Sec 3.13 : Ideal gases and u, h, cv, cp
11
Example: (3.111) A piston cylinder assembly contains air at 2 bar,
300K, and a volume of 2 cubic meters. the air undergoes a process to
a state where the pressure is 1 bar, during which the pressure-volume
relationship is pV = constant. Assuming ideal gas behavior, determine
a) the mass of the air, b) the work, and c) the heat transfer.
State 1: p1 = 2 bar
T1 = 300 K
V1 = 2 m3
pV  m RT
For Ideal Gas:
m 
p1V1
R T1
State 2: p2 = 1 bar
T2 = ?
V2 = ?
3

5
( 2 b a r )( 2 m )
10 N / m
(0 .2 8 7 0 kJ / kg  K )(3 0 0 K )
1b a r
For constant pV:
p1V1  p 2V 2

2
1kJ
J
1000 J N  m
 4 .6 5 kg
 2bar 
3
3
V2 
V1  
2
m

4
m

p2
1
b
a
r


p1
Sec 3.13 : Ideal gases and u, h, cv, cp
12
Example: (3.111) continued...
State 2: p2 = 1 bar
T2 = ?
V2 = 4 m3
State 1: p1 = 2 bar
T1 = 300 K
V1 = 2 m3
find T2:
p 2V 2
T2
 R 
p1V1
T1
T2 

p 2V 2
p1V1
T1 
1b a r 4 m
3
2bar 2 m
2
(3 0 0 K )  3 0 0 K
1st Law of Thermodynamics:
 U  c v (T 2  T 1 )  0
U  Q  W
W 

pdV 
C
 V dV
 V2 
 V2 
W  C ln 
  p1V1 ln 

V
V
 1 
5 1 
3
p1V1  p 2V 2  C
 4m  10 N / m 2
J
1kJ
 ( 2 b a r )( 2 m ) ln 
 2 7 7 .3 kJ
3 
2
m
1
b
a
r
N

m
1
0
0
0
J


3
Q   U  W  0  2 7 7 .3 kJ
Sec 3.13 : Ideal gases and u, h, cv, cp
Example: (3.124) Two kilograms (2 kg) of air, initially at 5 bar, 350 K
and 4 kg of CO initially at 2 bar, 450 K are confined to opposite sides
of a rigid, well-insulated container by a partition. The partition is free
to move and allows conduction from one gas to the other without
energy storage in the partition itself. The air and CO each behave as
ideal gases with constant specific heat ratio, k = 1.395. Determine at
equilibrium (a) the temperature in K, (b) the pressure, in bar, and (c)
the volume occupied by each gas, in m3.
13
Sec 3.13 : Ideal gases and u, h, cv, cp
Example: (3.124)
k = 1.395.
CO State 1:
Air: State 1:
14
TC O _ 1  4 5 0 K
T a ir _ 1  3 5 0 K
pCO _1  2b a r
p a ir _ 1  5 b a r
m C O  4 kg
m a ir  2 kg
State 2:
TC O _ 2  T a ir _ 2  T 2
p C O _ 1  p air _ 2  p 2
m C O  m air  m total
1st Law of Thermo:
 U system  Q system  W system
 U C O   U air  0
or
 U air   U C O
since system is isolated
Sec 3.13 : Ideal gases and u, h, cv, cp
15
CO State 1:
Example: (3.124) continued…
 U  m  u 2  u1 
 m cV  T 2  T1 
For CO:
Air: State 1:
TC O _ 1  4 5 0 K
T a ir _ 1  3 5 0 K
pCO _1  2b a r
p a ir _ 1  5 b a r
mCO  4 kg
m a ir  2 k g
 U C O  m C O cV C O  T 2  T C O _ 1 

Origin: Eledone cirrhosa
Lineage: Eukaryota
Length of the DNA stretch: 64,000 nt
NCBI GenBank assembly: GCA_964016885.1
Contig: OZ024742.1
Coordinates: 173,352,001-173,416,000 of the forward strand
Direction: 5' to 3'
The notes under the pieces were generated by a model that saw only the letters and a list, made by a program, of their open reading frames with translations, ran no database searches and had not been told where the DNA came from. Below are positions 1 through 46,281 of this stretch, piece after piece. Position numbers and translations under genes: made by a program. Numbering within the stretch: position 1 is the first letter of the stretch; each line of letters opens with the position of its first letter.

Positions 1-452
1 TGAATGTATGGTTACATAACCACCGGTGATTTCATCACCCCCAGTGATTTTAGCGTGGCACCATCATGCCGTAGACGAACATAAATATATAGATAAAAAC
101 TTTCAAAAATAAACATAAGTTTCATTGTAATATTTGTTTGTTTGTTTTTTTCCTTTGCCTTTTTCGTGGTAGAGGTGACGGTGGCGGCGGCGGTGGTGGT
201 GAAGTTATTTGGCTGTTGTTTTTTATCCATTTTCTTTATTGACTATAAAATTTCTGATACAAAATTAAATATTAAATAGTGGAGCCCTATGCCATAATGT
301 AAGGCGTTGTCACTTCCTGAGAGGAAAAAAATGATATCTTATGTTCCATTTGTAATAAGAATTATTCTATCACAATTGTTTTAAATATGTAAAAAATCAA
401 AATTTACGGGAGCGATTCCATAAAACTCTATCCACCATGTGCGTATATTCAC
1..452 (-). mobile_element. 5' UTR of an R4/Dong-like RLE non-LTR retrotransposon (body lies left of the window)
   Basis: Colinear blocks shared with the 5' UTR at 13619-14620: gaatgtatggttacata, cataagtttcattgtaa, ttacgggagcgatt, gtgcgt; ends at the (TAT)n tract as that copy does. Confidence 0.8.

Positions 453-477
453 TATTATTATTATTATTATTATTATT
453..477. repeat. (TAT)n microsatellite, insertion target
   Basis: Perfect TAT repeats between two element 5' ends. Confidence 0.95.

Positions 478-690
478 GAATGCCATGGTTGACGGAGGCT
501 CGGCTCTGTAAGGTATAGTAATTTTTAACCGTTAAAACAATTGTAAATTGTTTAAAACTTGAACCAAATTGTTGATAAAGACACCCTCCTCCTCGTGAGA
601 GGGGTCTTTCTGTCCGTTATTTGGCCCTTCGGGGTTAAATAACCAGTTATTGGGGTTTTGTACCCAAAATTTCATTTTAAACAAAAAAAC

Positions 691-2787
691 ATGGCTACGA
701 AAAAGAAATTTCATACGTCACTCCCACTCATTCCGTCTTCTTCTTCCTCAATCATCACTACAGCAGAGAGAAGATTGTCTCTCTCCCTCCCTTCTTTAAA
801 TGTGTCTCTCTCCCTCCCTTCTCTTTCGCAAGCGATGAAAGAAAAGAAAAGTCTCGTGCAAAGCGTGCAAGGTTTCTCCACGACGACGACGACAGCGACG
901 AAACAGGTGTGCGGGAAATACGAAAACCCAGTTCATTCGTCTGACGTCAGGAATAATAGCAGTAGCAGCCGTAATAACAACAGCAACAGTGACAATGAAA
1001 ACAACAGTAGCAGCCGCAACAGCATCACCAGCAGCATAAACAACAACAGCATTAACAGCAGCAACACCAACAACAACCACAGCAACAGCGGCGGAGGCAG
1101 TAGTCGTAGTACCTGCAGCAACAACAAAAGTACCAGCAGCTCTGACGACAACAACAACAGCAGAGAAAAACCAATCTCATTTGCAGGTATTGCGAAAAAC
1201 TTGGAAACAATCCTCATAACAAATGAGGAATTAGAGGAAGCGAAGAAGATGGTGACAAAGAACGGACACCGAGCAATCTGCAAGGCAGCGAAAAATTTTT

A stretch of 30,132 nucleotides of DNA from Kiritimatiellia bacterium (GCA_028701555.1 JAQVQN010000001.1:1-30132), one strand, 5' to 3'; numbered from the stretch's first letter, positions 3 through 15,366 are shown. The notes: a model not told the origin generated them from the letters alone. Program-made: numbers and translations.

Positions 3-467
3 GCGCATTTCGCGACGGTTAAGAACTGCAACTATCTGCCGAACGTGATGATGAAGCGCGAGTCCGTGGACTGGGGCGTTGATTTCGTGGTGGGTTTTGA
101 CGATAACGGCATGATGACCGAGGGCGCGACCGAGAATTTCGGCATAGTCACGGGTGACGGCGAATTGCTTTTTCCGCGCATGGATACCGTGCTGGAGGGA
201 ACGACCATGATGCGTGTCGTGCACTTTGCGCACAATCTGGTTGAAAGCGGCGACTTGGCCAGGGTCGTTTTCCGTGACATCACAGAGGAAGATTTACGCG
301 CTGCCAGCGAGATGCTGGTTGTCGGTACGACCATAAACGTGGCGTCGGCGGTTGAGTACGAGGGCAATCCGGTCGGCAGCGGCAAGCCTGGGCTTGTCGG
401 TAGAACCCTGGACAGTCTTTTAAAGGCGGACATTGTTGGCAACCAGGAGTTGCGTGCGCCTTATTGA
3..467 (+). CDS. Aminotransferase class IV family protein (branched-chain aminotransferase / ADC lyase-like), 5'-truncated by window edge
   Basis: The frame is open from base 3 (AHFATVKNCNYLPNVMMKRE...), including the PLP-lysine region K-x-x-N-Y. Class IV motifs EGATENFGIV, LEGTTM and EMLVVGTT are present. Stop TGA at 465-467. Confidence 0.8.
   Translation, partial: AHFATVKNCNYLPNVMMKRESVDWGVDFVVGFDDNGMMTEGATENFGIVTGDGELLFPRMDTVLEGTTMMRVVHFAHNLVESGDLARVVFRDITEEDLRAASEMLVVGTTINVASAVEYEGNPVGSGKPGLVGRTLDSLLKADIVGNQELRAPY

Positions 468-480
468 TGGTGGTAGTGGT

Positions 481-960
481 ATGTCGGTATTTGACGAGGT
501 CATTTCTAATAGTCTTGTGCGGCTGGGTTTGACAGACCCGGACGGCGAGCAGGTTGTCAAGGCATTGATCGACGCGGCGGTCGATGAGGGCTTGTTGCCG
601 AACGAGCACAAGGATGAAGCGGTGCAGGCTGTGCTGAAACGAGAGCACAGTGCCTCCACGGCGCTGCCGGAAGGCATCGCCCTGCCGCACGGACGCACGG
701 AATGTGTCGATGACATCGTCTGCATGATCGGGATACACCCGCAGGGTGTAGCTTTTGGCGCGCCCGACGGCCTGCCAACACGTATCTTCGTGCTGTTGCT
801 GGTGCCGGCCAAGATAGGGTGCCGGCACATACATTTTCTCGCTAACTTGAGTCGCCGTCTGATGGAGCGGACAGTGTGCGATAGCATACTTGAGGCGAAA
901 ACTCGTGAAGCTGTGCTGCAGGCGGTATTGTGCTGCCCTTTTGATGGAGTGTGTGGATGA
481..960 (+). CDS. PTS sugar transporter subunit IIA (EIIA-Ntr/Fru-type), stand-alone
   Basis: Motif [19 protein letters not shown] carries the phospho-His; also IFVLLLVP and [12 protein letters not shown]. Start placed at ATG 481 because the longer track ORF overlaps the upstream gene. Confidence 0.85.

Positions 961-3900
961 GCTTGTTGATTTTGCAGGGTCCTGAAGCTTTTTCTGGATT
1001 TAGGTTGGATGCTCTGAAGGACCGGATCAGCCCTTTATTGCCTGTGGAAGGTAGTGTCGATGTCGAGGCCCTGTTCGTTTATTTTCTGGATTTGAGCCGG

cV , C O 
RC O
k 1

 0 .2 9 6 8 kJ
/ kg  K
1 .3 9 5  1

 0 .7 5 1 4
kJ
kg  K
 U C O  (4 kg )(0.7514 kJ / kg  K )  T 2  450 K
For Air:
 U air  m air cV air  T 2  T air _ 1 
cV
_ a ir

R a ir
k 1

 0 .2 8 7 0 kJ
/ kg  K
1 .3 9 5  1

 0 .7 2 6 6
kJ
kg  K
 U air  (2 kg )(0.7266 kJ / kg  K )  T 2  350 K


Sec 3.13 : Ideal gases and u, h, cv, cp
Example: (3.124) continued…
 U C O   U air  0
16
CO State 1:
Air: State 1:
TC O _ 1  4 5 0 K
T a ir _ 1  3 5 0 K
pCO _1  2b a r
p a ir _ 1  5 b a r
mCO  4 kg
m a ir  2 k g
(4 kg )(0.7514 kJ / kg  K )  T 2  450 K   (2 kg )(0.7266 kJ / kg  K )  T 2  350 K   0
(3.006 kJ / K )  T 2  450 K   (1.453 kJ / K )  T 2  350 K   0
(3.006 kJ / K )T 2  1352.7 kJ  (1.453 kJ / K ) T 2  508.55 kJ  0
(4.459 kJ / K )T 2  1858.3 kJ
T 2  416.8 K
Sec 3.13 : Ideal gases and u, h, cv, cp
17
Example: (3.124) continued
Find Vtotal
V T  V C O  V A ir
 mRT 
 mRT 





 P  C O ,i
 P  A ir,i

  2   0.2870   350  
 4   0.2968   450  



 
 
5
5




 2  10 
 5  10 
C O ,i
A ir,i

 2.67  0.40 = 3.07 m
Then find pfinal


 ( kg )( kJ / kg  K )( K ) 1000 N  m
2

N /m
kJ

3
pf 
mRT

 m R T CO , f
V to ta l
  mRT
 A ir , f
V to ta l
  4   0.2968   416.8      2   0.2870   416.8   ( kg )( kJ / kg  K )( K ) 1000 J N  m
 3.07 
m
3
kJ
J
1bar
5
10 N / m
 2.39 b a r
Sec 3.13 : Ideal gases and u, h, cv, cp
18
Example: (3.124) continued…
The final volumes are then,
 mRT 


 P  C O ,f
VC O
VC O
  4   0.2968   416.8  

 
5

 2.39  10  
V A ir
V A ir
( kg )( kJ / kg  K )( K ) 1000 N  m
N /m
2
 2.079 m
3
kJ
C O ,f
 mRT 
 

 P  A ir,f
  2   0.2870   416.8  

 
5

 2.39  10  
( kg )( kJ / kg  K )( K ) 1000 N  m
N /m
A ir,f
2
kJ
 1.001 m
3
19
Solution using IT:
Note: The results are slightly different
as the cv and cp values that IT pulled
out slightly different.
20
End of Slides for Lecture 10
```